Do you want to sell more books? If you find your sales in a slump and want advice from a professional publicist, Produce, Publish, Publicize is for you.
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Produce, Publish, Publicize takes the lessons a publicist has learned over the years and equips you with the tools needed to have a sucessful publishing experience.
It covers topics like:
What is a traditional publisher?
What should you look for in an editor?
What is the difference between Publish On Demand and Print On Demand? How to market your book and insider publicist tips and tricks.
Types of Publishers
“Traditional” Large Publishing House: I put the word traditional in parenthesis because that word is bandied about widely on the Internet. There are publishing houses that claim to be traditional because they do not charge upfront fees but do not qualify in the real world for the term. For the purposes of this book and clarification for the average aspiring author, a traditional publishing house is one that has high editorial standards; pays a respectable advance for the right to publish your work; pays royalties; does not charge any fees for editing, cover design or other miscellaneous parts of publishing; prints a large run of books; puts a competitive cover price on the book and makes considerable efforts towards publicizing your work.
High editorial standards are the hallmark of large traditional publishing houses. They choose only the best ideas to publish, employ talented editors to help clean up manuscripts until they are
perfect and try to make every book as widely accepted as possible for higher sales figures.
A respectable advance may not be five digits on a check but will be high enough to compliment an author. If a “traditional” publishing house offers an advance of $1.00, run the other way.
They are either insulting your work or aren’t truly traditional in the sense described above.
Royalties are the reason most authors write. Traditional publishers send royalties on a regular basis, usually twice a year. I know there’s math involved in the process and hopefully you have a good agent that is reading through the royalties statements to make sure there aren’t any clerical errors. I hear there are a lot of accounting “mistakes” that happen to the unwary but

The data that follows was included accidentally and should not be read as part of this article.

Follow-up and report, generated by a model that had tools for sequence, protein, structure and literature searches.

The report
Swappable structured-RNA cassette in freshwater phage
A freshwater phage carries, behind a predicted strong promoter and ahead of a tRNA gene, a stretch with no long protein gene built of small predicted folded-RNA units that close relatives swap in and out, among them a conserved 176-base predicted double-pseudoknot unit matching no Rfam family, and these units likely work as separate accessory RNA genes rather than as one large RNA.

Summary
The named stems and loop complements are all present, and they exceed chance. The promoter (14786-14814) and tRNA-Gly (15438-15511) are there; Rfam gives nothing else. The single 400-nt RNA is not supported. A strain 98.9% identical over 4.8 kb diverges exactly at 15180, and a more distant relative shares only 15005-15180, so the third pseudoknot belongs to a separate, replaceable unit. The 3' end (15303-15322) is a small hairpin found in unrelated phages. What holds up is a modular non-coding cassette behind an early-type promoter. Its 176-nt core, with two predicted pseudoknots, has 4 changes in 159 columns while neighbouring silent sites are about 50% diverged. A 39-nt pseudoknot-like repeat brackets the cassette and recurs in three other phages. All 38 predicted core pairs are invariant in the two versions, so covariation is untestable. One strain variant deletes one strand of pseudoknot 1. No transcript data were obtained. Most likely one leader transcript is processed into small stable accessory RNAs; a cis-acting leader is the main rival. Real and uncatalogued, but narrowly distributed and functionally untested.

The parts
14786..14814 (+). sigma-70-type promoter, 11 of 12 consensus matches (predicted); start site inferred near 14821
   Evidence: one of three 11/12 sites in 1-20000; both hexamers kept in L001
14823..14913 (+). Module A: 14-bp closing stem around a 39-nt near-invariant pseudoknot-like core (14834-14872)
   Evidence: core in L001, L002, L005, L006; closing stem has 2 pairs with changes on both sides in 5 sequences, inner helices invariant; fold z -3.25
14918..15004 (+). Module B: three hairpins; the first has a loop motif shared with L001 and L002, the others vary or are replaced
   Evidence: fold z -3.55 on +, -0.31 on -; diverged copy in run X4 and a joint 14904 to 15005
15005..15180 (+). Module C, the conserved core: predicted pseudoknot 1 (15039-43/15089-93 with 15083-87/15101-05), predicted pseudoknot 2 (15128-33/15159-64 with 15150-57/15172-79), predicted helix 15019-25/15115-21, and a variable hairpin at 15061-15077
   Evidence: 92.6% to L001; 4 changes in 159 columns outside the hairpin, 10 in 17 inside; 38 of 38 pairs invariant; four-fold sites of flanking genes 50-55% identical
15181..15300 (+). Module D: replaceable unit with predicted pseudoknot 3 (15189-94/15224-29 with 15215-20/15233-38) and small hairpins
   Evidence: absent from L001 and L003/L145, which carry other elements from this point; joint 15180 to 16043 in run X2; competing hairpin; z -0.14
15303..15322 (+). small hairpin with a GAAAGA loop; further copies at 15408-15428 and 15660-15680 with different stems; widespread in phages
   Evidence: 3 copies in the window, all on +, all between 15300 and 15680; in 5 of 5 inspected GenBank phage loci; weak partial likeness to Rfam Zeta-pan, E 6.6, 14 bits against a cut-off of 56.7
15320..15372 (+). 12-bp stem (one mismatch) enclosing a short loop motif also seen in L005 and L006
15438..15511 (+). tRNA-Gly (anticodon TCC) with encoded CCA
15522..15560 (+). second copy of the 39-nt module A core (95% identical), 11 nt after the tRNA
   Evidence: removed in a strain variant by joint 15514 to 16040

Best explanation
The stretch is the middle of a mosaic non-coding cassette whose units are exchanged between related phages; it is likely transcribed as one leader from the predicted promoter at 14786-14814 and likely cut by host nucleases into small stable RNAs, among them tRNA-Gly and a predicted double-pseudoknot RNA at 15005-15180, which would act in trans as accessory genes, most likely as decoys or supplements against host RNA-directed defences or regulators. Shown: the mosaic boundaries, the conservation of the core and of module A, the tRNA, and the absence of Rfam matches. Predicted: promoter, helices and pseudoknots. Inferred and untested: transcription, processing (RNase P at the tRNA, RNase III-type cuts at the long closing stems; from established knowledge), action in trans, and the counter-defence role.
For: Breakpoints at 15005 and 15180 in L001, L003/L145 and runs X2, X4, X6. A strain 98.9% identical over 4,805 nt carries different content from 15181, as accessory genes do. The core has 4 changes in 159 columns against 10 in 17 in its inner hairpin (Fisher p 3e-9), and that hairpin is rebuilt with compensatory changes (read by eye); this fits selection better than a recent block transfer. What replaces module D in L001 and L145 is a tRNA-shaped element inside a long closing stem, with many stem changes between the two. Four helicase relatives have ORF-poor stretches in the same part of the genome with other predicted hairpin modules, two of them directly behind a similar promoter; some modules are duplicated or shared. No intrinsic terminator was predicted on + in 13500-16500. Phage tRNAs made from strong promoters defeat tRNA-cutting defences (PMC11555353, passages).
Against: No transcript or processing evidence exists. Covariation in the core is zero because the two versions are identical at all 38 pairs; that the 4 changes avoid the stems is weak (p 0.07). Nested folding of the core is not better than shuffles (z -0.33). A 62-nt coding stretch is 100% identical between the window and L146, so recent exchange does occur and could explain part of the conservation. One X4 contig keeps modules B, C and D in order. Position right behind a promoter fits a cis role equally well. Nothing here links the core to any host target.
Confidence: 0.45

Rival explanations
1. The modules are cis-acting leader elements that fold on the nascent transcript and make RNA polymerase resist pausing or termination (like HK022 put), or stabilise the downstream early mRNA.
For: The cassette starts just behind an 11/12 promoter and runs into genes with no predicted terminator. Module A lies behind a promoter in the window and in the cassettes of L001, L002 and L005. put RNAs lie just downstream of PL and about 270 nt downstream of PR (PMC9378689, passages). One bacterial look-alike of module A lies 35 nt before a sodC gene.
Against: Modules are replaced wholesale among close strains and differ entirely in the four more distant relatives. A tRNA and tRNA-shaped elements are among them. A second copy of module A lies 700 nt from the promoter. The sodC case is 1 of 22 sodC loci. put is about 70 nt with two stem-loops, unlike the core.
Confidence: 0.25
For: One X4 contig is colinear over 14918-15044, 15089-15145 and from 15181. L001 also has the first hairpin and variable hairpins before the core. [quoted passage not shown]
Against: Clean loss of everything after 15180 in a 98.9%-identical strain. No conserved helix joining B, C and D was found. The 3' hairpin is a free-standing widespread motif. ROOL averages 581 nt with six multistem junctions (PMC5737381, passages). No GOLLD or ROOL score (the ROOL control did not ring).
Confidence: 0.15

hopefully these are only horror stories of the industry.
The traditional publisher wants a book to sell millions of copies to recoup printing and other costs. Without a compelling cover, the book will not sell well on the shelves because the adage
of judging books by their cover still holds true today. Publishers employ or contract with cover designers to provide provocative covers that will catch the consumer’s eye. This is not a cost
traditionally published authors must bear. The content is as important as the cover so traditional publishers employ their own editors and proofreaders to ensure the content’s high standards.
This is also a cost traditional publishers assume.
When you buy almost anything in bulk, you typically can expect a better deal. This holds true for publishing. Large publishing houses receive a large discount on big runs of books on a per
book basis. This enables those publishing houses to put competitive cover prices on their books. Without a competitive cover price, the books simply aren’t going to sell especially when dealing with an unknown author. Traditional publishers are competing for the consumer’s dollars so they will mark the book’s cover price low to entice the buyer to pick their book.
Publicity is a very important part of any author’s success. Publicity is gained through book signings, television, radio, internet and print media. Best-selling authors show up on network shows and have great book signing successes all across the nation. The publisher usually pays for the travel expenses of the publicity tours and any advertising necessary to promote events. Smaller authors have smaller scale publicity tours but still receive attention generated by their publishing company. It is not uncommon for authors to hire outside publicists to assist the